uSMART uses agent-based modeling, life cycle assessments, system dynamics, big data analytics, and GIS to study the environmental implications of emerging technologies from the systems perspective. Her research interests include energy-water nexus, emerging transportation systems, energy policy, and urban sustainability. Current ongoing projects are summarized below.
Environmental benefits of smart transportation
The recent development of information and computational technologies is transitioning our transportation system. We use real world individual travel data to study the potential environmental benefits of emerging smart transportation systems such as ride sharing, autonomous vehicles, vehicle to infrastructure connections, and mulit-model transportation systems.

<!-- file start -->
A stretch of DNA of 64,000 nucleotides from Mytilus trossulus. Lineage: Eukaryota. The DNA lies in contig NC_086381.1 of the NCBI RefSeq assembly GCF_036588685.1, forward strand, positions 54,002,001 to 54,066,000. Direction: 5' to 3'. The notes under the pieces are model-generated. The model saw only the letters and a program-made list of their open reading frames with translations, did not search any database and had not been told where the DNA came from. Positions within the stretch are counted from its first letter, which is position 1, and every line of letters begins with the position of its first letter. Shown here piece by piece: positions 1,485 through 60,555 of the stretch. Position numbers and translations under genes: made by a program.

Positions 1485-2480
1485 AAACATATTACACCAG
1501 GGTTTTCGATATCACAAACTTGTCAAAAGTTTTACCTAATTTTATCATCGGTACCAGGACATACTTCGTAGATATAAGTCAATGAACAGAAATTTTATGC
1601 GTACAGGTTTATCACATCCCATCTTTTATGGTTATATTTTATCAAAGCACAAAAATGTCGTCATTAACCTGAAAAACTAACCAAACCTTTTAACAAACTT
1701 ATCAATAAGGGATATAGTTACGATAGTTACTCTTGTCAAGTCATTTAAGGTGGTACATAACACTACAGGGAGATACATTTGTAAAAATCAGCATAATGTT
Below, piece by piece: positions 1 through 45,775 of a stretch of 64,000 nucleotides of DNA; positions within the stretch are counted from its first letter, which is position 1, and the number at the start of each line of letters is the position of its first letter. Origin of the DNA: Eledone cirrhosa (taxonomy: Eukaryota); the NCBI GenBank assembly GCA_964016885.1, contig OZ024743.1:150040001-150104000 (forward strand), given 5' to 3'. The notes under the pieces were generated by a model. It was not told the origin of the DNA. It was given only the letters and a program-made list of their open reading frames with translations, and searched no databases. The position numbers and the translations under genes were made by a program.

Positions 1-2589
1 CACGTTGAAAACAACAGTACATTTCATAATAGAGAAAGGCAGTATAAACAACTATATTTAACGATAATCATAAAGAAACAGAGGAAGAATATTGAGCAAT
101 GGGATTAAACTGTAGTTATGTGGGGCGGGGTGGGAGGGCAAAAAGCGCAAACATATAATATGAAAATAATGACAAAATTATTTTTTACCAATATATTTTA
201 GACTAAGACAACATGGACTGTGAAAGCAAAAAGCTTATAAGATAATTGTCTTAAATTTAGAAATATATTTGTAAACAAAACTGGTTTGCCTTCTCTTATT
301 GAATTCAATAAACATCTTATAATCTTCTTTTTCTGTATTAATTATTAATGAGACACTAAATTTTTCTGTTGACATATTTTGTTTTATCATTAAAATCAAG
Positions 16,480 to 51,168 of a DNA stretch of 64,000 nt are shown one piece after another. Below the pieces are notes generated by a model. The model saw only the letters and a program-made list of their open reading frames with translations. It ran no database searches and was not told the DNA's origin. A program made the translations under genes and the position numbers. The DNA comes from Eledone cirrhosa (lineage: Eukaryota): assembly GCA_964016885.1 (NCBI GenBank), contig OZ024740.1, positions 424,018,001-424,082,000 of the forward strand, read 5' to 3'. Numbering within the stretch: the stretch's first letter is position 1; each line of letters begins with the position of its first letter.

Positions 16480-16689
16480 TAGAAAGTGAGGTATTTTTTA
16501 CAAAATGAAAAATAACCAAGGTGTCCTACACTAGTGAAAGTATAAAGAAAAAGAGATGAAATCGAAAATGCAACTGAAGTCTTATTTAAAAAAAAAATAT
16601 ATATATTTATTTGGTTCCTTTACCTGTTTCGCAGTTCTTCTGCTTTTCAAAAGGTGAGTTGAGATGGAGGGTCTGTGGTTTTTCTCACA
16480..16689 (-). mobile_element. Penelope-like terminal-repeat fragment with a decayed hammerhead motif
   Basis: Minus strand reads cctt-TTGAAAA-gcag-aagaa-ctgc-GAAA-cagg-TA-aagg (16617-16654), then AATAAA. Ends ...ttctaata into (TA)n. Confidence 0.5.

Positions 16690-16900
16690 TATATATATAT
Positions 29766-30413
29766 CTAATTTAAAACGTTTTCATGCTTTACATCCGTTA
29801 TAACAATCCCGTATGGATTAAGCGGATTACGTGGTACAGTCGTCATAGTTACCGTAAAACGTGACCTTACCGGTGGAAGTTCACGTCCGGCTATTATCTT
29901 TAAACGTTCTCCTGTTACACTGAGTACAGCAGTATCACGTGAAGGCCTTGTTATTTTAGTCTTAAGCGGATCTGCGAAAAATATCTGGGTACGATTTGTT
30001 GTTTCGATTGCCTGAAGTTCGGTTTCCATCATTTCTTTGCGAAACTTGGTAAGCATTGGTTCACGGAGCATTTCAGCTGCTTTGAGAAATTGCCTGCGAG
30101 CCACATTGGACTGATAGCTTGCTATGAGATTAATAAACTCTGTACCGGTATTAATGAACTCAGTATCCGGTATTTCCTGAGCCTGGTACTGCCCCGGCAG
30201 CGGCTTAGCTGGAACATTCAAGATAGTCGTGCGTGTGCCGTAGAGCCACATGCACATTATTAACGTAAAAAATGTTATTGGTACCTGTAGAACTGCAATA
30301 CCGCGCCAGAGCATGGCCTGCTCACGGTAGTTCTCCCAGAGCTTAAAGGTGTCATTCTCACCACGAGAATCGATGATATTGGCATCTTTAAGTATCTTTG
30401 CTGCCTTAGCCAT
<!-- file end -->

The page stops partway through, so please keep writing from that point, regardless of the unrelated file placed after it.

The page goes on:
Environmental implications of clean vehicles
Clean vehicles refer to vehicles that can use alternative transportation fuels such as electricity and biofuel. While clean vehicles can reduce gasoline consumption and tailpipe emissions, they may increase natural resource use (e.g. water and land) in certain regions. We conduct system analysis to identify the potential environmental tradeoffs associated with large-scale adoption of clean vehicles.
"Big-Data" informed infrastructure development
GPS devices, smart phone apps, smart cards, and other various types of sensors have significantly improved our ability to track how people interact with each other and with the urban infrastructure. We use these data to inform infrastructure development for emerging systems (e.g. identify where to build charging stations to better match charging infrastructure with charging demands).
Our daily environmental footprints are locked in at the moment we make purchase decisions. We use innovative approaches to collect consumer decision making data and study how product sustainability information can be best communicated to the consumers.